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<a href="http://altreligion.about.com/library/weekly/aa122005a.htm" target="_blank">http://altreligion.about.com/library.../aa122005a.htm</a> interesting article <img alt="" class="inlineimg" src="/images/smilies/smiley.gif" style="border:0px solid;" title=":)"> kind of fun
 

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perhaps when Jesus said in mat 15:6 <span>"So for the sake of your tradition you have made void the word of God. "</span> it could also refer to the glorification of pagan symbols by many Christians?<br><br><br><br>
I wonder how many professed Christians void the word of God during Easter and Christmas, and instead worship Eostre and Mammon. How many church's services are followed by egg hunts and Santa tree ceremonies?<br><br><br><br>
The line between the world and followers of Christ becomes thinner and thinner each year.
 

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I thought this was interesting:<br><br><br><br><a href="http://www.literatureclassics.com/ancientpaths/magazine/pagan.html#cane" target="_blank">http://www.literatureclassics.com/an...agan.html#cane</a>
 

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<div class="quote-container"><span>Quote:</span>
<div class="quote-block">Originally Posted by <strong>karenlovessnow</strong> <a href="/forum/post/0"><img alt="View Post" class="inlineimg" src="/img/forum/go_quote.gif" style=""></a><br><br>
I thought this was interesting:<br><br><br><br><a href="http://www.literatureclassics.com/ancientpaths/magazine/pagan.html#cane" target="_blank">http://www.literatureclassics.com/an...agan.html#cane</a></div>
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The first link says that that's a myth.
 

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Yeah, well, I have a habit of skimming stuff when I don't really feel like reading so I miss a lot. The link I posted interested me because it gave two sides. I didn't even read all of that one! But thanks! <img alt="" class="inlineimg" src="/images/smilies/smiley.gif" style="border:0px solid;" title=":)">
 

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Allowing originally pagan symbols to carry new meanings has allowed Christianity to spread into cultures it might never have if those carrying the Word of God had insisted that any part of culture with a pagan origin must be abandoned.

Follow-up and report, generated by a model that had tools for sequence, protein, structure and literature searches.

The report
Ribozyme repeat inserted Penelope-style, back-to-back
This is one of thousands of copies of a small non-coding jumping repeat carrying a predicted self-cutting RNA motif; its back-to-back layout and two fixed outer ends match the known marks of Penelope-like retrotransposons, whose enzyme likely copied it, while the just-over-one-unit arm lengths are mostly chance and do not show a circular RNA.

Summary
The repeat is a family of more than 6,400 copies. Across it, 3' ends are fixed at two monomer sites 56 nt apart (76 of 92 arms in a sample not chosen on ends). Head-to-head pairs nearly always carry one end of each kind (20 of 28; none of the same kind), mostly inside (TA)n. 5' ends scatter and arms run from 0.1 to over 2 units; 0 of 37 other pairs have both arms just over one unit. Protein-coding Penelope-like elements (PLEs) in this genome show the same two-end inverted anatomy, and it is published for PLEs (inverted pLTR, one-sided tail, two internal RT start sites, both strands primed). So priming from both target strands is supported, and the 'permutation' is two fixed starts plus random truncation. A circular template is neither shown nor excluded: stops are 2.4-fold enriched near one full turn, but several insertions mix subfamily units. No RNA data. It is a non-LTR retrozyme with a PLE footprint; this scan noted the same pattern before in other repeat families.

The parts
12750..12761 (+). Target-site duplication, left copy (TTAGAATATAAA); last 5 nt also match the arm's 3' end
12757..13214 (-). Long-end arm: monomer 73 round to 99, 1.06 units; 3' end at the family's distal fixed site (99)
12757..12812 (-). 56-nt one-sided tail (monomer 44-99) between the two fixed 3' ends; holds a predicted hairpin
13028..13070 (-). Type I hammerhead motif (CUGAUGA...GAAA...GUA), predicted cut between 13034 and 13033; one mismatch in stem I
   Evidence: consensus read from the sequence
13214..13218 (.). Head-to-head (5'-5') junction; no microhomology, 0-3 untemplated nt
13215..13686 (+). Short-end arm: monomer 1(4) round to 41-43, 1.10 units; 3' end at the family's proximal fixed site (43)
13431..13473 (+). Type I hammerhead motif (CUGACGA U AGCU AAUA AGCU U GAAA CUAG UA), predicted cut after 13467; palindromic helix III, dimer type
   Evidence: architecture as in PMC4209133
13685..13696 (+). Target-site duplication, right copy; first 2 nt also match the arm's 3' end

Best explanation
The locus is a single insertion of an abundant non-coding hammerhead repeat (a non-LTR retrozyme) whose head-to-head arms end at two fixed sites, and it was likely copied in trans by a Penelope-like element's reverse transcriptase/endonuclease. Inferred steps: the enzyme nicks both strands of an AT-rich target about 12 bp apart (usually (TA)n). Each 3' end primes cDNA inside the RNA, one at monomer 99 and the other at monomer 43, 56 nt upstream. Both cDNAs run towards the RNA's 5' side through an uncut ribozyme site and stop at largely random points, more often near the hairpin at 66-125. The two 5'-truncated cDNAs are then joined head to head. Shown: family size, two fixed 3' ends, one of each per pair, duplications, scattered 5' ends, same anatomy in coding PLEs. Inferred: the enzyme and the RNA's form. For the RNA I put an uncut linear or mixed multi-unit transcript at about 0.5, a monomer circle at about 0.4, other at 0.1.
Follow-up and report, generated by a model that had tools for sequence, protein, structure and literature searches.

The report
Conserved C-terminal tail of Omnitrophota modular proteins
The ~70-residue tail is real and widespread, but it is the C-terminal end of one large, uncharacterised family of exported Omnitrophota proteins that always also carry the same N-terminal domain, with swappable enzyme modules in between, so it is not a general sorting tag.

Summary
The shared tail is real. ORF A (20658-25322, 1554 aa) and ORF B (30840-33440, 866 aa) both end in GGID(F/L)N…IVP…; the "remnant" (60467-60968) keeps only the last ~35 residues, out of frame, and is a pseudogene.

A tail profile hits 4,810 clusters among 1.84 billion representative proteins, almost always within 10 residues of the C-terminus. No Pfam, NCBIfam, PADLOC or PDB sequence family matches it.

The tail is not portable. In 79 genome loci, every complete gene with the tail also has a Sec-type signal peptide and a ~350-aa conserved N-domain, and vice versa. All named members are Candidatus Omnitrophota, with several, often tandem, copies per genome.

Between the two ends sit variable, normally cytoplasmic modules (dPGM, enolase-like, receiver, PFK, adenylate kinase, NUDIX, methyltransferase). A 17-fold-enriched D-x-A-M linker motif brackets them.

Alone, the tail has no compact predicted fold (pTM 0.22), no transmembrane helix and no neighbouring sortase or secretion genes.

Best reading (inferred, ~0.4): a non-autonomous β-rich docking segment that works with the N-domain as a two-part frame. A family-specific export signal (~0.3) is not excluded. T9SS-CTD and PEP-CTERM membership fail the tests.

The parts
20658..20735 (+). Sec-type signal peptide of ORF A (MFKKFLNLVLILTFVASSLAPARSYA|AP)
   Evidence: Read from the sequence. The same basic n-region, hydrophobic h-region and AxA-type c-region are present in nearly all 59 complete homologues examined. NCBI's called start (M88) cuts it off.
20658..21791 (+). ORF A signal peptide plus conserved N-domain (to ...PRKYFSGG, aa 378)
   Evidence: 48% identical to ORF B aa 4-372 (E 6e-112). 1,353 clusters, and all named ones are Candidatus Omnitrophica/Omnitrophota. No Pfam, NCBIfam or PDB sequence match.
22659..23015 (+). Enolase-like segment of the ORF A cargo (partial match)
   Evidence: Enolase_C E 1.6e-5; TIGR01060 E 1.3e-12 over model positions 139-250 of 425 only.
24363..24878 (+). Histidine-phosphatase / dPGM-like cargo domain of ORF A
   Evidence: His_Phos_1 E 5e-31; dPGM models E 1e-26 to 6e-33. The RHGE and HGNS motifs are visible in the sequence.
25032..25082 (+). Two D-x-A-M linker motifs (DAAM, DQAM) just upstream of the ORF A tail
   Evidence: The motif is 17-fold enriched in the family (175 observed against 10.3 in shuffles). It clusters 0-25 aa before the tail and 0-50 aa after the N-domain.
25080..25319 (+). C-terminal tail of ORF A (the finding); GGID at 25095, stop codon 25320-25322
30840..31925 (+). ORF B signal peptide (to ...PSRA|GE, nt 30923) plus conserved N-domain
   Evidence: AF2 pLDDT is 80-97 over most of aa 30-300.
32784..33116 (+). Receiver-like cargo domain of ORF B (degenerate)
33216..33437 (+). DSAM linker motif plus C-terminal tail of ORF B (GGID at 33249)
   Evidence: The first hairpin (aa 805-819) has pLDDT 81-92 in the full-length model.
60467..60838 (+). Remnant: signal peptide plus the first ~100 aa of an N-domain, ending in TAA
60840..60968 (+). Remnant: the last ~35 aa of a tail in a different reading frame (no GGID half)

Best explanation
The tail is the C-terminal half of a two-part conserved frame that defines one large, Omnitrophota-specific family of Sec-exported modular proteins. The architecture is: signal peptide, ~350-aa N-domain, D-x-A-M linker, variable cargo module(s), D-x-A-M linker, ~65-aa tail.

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<div class="quote-container"><span>Quote:</span>
<div class="quote-block">Originally Posted by <strong>sarahjayn1980</strong> <a href="/forum/post/0"><img alt="View Post" class="inlineimg" src="/img/forum/go_quote.gif" style=""></a><br><br>
The wealth of family, friend, and love and the joy exchanged within through these traditions is a testament to the goodness of God.</div>
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Do the children get more excited about celebrating the birth of Christ, or the coming of Santa? Do they get more excited about the resurrection of Yeshua or that the Eostre bunny is going to leave them candy and chocolate?
 

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<div class="quote-container"><span>Quote:</span>
<div class="quote-block">Originally Posted by <strong>troub</strong> <a href="/forum/post/0"><img alt="View Post" class="inlineimg" src="/img/forum/go_quote.gif" style=""></a><br><br>
Do the children get more excited about celebrating the birth of Christ, or the coming of Santa? Do they get more excited about the resurrection of Yeshua or that the Eostre bunny is going to leave them candy and chocolate?</div>
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just my 2 cents:<br><br><br><br>
pagan holidays are just as spiritual as any other religious holiday. santa claus as we know him <i>today</i> is treated in pagan/wiccan celebrations the same way in christianity: as a fun side thing for kids. the same with the "easter bunny"<br><br><br><br>
the sybolism of the rabbit in Ostara has nothing to do with the easter bunny of today. there is no "Eostre bunny" and he doesn't hide eggs.
 

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I have Christian friend who only give 3 "santa" presents to their kids because that is how many gifts baby Jesus got. They cut down on overspending and commercialism as well as keeping Jesus tied in. They talk about santa being the spirit of giving out of love--without expecting something back. They tie it into being Christlike-and say we can ALL be like santa and do some volunteering together.
 

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<div class="quote-container"><span>Quote:</span>
<div class="quote-block">Originally Posted by <strong>troub</strong> <a href="/forum/post/0"><img alt="View Post" class="inlineimg" src="/img/forum/go_quote.gif" style=""></a><br><br>
I wonder how many professed Christians void the word of God during Easter and Christmas, and instead worship Eostre and Mammon. How many church's services are followed by egg hunts and Santa tree ceremonies?</div>